Ugh..."Church in the Round" - ca. 1953!
#21
http://www.stbasils.org/church/churchtour.html


thres alot of this nonsense around....the pastor of the above church said during a homily that the mass is like a big party, where theres good friends, music, food (referencing the Blessed sacrament!) so we should all have a good time....he also had a small cloth bag of wheat kernles that he used as a prop for the same homily after which he non chalantly tossed the bag behind him onto the ALTAR! and then continued on with the homily............bleh! :pray:
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#22
The following video was areal eye opener for me regarding the origins of the liberal movement within the Catholic Church.  I had no idea...





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#23
(09-06-2009, 11:59 AM)NonSumDignus Wrote:
(09-06-2009, 07:42 AM)StrictCatholicGirl Wrote:
(09-06-2009, 07:08 AM)timjp77 Wrote: notice none of the women are wearing chapel veils.

None. Everybody wore hats. . at least in the USA.

Nothing screams "neo trad" more than a mantilla.

Or Spanish/Italian Catholics, who preferred the veils over hats.

But I always saw the same thing growing up in the 90s in Wisconsin.  There certainly are almost no Spanish or Italian Catholics there.  It's almost all German and Dutch with some Irish thrown in.  I know they aren't neotrads.  To this day, if you go into one of the daily masses an hour early or something they will all be sitting there in their veils.
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#24
I never saw a mantilla in my life but on Jackie Kennedy and Grace Kelly - ONCE. Peasant girls from Spain and Portugal wore long veils - not the lacy ones, but the kind you see the Fatima children wearing. When American school girls went to School Mass, we had scarves or beanies that matched our school uniforms. Chapel veils came in handy when we LOST our scarf or beanie. On Sundays, baby girls wore bonnets and young girls wore hats, like their mothers.

I don't like lace mantillas or veils being paraded as "traditional" by today's American trads - unless you want to return to the Middle Ages. Even in that case, don't know how many average Europeans wore "lace." In Pre-Vatican II America, they were not the typical headdress. Rather THIS was typical...
[Image: 51VH6SPRZHL._SS500_.jpg]
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#25
(09-06-2009, 02:33 PM)StrictCatholicGirl Wrote: I never saw a mantilla in my life but on Jackie Kennedy and Grace Kelly - ONCE. Peasant girls from Spain and Portugal wore long veils - not the lacy ones, but the kind you see the Fatima children wearing. When American school girls went to School Mass, we had scarves or beanies that matched our school uniforms. Chapel veils came in handy when we LOST our scarf or beanie. On Sundays, baby girls wore bonnets and young girls wore hats, like their mothers.

I don't like lace mantillas or veils being paraded as "traditional" by today's American trads - unless you want to return to the Middle Ages. Even in that case, don't know how many average Europeans wore "lace." In Pre-Vatican II America, they were not the typical headdress. Rather THIS was typical...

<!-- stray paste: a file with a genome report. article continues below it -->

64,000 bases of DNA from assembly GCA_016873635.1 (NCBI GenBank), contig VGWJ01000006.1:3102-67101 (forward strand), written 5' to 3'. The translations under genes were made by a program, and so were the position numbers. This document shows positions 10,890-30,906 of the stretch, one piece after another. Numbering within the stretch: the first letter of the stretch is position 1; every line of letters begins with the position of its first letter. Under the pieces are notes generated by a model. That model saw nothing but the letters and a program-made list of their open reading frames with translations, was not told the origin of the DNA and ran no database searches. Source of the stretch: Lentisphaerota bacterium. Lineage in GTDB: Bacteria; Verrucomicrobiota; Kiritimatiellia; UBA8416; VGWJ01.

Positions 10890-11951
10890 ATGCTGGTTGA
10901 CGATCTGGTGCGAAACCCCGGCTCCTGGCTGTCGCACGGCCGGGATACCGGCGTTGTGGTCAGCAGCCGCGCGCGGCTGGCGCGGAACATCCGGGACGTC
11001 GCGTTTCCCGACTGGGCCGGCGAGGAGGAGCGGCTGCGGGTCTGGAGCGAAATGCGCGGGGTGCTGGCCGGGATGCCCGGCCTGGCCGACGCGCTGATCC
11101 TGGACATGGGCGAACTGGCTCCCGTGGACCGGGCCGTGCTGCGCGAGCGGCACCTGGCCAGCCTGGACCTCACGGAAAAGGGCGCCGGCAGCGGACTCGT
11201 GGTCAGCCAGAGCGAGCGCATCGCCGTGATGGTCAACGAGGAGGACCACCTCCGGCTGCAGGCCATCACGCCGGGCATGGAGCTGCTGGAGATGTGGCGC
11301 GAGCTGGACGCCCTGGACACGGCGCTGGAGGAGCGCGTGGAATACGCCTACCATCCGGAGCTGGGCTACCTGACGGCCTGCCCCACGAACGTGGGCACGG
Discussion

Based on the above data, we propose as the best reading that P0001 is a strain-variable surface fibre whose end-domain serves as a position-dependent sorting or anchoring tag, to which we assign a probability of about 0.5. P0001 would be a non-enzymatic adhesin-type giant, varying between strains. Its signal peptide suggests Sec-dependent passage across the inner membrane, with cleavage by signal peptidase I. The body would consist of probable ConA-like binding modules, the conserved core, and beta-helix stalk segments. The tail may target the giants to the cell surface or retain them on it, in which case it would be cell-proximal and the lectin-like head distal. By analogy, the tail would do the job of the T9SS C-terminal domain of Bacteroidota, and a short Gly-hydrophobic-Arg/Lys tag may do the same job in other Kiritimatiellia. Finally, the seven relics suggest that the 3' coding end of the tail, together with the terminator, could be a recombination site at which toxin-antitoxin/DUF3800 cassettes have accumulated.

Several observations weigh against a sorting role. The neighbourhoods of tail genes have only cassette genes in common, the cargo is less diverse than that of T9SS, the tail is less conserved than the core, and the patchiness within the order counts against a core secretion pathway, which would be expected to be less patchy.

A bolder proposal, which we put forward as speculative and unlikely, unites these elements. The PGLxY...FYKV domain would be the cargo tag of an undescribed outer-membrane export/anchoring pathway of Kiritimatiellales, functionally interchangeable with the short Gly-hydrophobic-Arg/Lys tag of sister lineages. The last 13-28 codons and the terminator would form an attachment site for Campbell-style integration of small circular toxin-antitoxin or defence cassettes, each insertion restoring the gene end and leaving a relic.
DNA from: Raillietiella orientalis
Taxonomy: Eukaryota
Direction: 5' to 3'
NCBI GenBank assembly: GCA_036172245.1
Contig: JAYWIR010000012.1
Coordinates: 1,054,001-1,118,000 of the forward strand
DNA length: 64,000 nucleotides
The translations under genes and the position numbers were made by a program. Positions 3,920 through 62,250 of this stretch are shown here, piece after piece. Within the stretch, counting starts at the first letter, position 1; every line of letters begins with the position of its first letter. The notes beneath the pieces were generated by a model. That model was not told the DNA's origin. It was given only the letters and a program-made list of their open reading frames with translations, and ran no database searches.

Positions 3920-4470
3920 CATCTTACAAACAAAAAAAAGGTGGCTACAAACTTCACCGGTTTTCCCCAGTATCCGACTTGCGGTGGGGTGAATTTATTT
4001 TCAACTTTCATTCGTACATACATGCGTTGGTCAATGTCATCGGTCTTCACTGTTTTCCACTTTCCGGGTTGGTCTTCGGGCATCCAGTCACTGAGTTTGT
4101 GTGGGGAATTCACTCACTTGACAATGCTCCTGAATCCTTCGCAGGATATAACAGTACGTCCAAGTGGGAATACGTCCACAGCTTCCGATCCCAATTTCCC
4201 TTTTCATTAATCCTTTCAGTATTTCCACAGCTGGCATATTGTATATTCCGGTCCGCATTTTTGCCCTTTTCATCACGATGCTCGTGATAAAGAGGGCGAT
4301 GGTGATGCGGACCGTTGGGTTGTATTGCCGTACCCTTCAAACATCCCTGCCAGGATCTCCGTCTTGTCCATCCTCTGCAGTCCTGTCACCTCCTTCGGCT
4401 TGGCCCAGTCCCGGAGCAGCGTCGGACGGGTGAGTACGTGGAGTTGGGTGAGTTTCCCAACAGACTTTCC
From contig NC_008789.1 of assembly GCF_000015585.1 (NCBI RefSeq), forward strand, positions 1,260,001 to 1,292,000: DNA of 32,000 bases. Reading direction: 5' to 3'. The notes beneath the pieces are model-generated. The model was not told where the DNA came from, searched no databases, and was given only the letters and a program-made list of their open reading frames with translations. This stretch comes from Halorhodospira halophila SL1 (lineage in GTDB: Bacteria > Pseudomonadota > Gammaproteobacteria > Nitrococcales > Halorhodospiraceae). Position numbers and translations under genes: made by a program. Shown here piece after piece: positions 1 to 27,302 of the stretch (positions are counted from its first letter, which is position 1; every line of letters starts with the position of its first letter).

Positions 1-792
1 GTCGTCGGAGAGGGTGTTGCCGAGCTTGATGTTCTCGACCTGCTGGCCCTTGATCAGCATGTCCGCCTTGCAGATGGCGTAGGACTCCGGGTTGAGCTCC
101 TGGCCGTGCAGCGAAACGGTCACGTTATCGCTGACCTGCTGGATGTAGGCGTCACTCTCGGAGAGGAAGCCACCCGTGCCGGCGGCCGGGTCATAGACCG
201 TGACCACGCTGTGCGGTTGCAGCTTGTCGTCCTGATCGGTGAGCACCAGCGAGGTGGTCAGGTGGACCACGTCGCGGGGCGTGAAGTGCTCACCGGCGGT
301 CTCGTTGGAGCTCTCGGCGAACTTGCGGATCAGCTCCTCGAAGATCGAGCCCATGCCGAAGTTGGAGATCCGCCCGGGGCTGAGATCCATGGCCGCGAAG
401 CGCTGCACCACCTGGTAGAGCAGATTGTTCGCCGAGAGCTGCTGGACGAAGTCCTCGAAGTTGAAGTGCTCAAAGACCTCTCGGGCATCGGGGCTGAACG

[Image: 51VH6SPRZHL._SS500_.jpg]

Doesn't really cover their hair though.
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#26
(09-06-2009, 02:33 PM)StrictCatholicGirl Wrote: I don't like lace mantillas or veils being paraded as "traditional" by today's American trads - unless you want to return to the Middle Ages. Even in that case, don't know how many average Europeans wore "lace." In Pre-Vatican II America, they were not the typical headdress. Rather THIS was typical...

The issue isn't what they are wearing, but the fact their heads are covered.

A typical lacy veil as seen in many American parishes (mostly TLM) is tradition in that the heads are covered, not that the method is historical.

It is not necessary to copy the styles of Pre-Vatican II USA. I mean, you don't see modern traditional men wearing the same cuts and materials of the same time period either.


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#27
(09-06-2009, 02:37 PM)Walty Wrote: Doesn't really cover their hair though.
Yes, and if taken as a typical parish, it means everyone is white, has 50's hair cuts.
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#28
(09-06-2009, 07:42 AM)StrictCatholicGirl Wrote:
(09-06-2009, 07:08 AM)timjp77 Wrote: notice none of the women are wearing chapel veils.

None. Everybody wore hats. . at least in the USA.

Nothing screams "neo trad" more than a mantilla.

It only makes sense to wear a mantilla since no one, man or woman, wears hats anymore.    They wore hats in Mass since they wore them on the street back then.
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#29
The 2 mantillas I wear are at least 60 years old - they belonged to my mother.

She used them in Cuba as well as the USA.
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#30
(09-06-2009, 02:40 PM)Rosarium Wrote: The issue isn't what they are wearing, but the fact their heads are covered.

A typical lacy veil as seen in many American parishes (mostly TLM) is tradition in that the heads are covered, not that the method is historical.

What difference does it make - if one is ogling at hair or at a lovely lacy mantilla that covers the hair? If the purpose of a headdress (outside of giving honor to God) is to detract attention, then why are mantillas the fodder of a gazillion threads around here? Not to mention the embarrassing gushing of men. Those lacy covers have become a source of vanity. They are as fussed over by trads today as hats were fussed over by women of the past.
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